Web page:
16 Sep
2020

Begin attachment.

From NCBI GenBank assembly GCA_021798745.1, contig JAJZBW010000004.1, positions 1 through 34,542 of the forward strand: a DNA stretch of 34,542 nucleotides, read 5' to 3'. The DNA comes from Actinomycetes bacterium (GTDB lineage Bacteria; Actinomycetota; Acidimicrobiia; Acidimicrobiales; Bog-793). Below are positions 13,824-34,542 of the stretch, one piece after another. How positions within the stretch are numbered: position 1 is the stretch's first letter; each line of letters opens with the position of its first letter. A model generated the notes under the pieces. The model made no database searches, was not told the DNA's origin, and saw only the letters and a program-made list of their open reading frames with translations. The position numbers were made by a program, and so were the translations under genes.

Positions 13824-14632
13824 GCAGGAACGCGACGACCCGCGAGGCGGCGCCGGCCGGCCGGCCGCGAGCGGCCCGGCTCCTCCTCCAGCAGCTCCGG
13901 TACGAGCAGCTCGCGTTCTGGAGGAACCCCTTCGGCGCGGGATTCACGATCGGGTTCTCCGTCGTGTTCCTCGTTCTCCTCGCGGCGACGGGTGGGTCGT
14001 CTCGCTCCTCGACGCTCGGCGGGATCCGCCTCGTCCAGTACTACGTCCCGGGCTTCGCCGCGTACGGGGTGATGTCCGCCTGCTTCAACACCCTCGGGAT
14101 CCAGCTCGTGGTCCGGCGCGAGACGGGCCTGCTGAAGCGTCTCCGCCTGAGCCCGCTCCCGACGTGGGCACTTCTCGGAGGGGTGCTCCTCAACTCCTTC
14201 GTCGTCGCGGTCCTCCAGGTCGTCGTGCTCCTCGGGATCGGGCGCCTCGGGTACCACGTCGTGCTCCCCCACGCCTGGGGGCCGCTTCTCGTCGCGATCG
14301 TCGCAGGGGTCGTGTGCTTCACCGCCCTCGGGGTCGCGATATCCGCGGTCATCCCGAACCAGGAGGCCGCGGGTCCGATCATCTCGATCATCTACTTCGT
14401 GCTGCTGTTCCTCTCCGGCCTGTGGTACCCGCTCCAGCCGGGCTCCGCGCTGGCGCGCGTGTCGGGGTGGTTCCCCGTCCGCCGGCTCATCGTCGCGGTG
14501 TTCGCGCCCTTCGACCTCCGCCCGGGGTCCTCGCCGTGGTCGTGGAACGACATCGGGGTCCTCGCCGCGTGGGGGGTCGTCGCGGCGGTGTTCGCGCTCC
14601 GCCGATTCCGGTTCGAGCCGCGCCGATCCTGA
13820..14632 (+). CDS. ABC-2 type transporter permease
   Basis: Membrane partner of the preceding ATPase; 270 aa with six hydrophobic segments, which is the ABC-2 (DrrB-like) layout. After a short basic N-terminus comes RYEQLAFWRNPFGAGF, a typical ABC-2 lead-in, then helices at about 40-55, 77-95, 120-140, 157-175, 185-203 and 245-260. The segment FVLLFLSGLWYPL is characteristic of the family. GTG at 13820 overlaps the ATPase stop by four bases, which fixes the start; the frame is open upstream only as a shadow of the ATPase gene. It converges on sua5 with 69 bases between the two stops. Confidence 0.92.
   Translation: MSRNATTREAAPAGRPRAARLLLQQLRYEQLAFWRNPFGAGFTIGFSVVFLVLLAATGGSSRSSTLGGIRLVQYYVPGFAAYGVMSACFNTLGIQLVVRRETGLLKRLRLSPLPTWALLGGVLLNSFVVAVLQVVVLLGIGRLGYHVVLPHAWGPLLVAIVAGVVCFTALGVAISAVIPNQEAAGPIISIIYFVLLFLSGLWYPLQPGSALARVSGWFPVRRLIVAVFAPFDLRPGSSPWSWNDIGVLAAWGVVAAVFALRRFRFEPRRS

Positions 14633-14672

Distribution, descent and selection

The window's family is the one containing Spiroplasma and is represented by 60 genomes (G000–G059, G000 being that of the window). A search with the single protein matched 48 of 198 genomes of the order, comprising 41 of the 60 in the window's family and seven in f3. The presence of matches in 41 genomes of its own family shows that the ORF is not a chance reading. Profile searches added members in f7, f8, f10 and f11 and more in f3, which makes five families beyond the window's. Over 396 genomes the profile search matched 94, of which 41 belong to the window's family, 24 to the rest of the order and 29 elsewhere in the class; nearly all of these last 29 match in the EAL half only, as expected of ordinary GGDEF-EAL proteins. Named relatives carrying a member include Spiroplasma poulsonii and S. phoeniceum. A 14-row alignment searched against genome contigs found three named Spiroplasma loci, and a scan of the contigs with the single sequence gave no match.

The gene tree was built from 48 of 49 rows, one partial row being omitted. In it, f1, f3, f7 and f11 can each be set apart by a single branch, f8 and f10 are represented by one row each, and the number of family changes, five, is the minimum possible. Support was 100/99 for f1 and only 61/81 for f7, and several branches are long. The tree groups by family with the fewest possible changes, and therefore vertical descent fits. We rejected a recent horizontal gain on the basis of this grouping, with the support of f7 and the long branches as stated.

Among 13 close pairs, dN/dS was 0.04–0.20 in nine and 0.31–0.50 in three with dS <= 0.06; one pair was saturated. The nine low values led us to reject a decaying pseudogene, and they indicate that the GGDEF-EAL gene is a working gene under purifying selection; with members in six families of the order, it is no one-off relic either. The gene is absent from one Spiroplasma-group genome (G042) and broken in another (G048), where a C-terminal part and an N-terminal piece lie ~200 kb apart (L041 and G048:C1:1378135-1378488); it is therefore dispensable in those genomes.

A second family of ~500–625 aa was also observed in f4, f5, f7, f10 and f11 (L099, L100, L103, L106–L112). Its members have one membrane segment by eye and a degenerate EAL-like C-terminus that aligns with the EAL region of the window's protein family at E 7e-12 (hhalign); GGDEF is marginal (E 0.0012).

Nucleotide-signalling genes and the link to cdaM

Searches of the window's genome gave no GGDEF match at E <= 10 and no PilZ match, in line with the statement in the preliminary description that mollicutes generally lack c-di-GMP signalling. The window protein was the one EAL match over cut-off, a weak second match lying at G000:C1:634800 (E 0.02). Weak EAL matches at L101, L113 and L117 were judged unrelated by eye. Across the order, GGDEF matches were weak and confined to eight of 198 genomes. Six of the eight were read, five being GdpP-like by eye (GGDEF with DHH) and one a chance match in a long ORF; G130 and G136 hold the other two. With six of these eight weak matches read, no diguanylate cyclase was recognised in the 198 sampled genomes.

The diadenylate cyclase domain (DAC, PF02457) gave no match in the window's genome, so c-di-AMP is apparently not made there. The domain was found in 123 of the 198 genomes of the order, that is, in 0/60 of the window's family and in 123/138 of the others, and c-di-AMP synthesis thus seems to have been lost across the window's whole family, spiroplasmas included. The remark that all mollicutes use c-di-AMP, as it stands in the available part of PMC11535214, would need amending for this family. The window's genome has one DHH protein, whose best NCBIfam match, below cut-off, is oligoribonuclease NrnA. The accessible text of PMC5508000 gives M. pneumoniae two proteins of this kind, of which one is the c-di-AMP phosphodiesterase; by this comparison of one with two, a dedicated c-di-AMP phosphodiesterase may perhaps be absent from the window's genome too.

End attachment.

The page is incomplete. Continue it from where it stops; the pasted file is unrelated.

‘Completely abrupt’: 2 Furman players transfer to SU after program cuts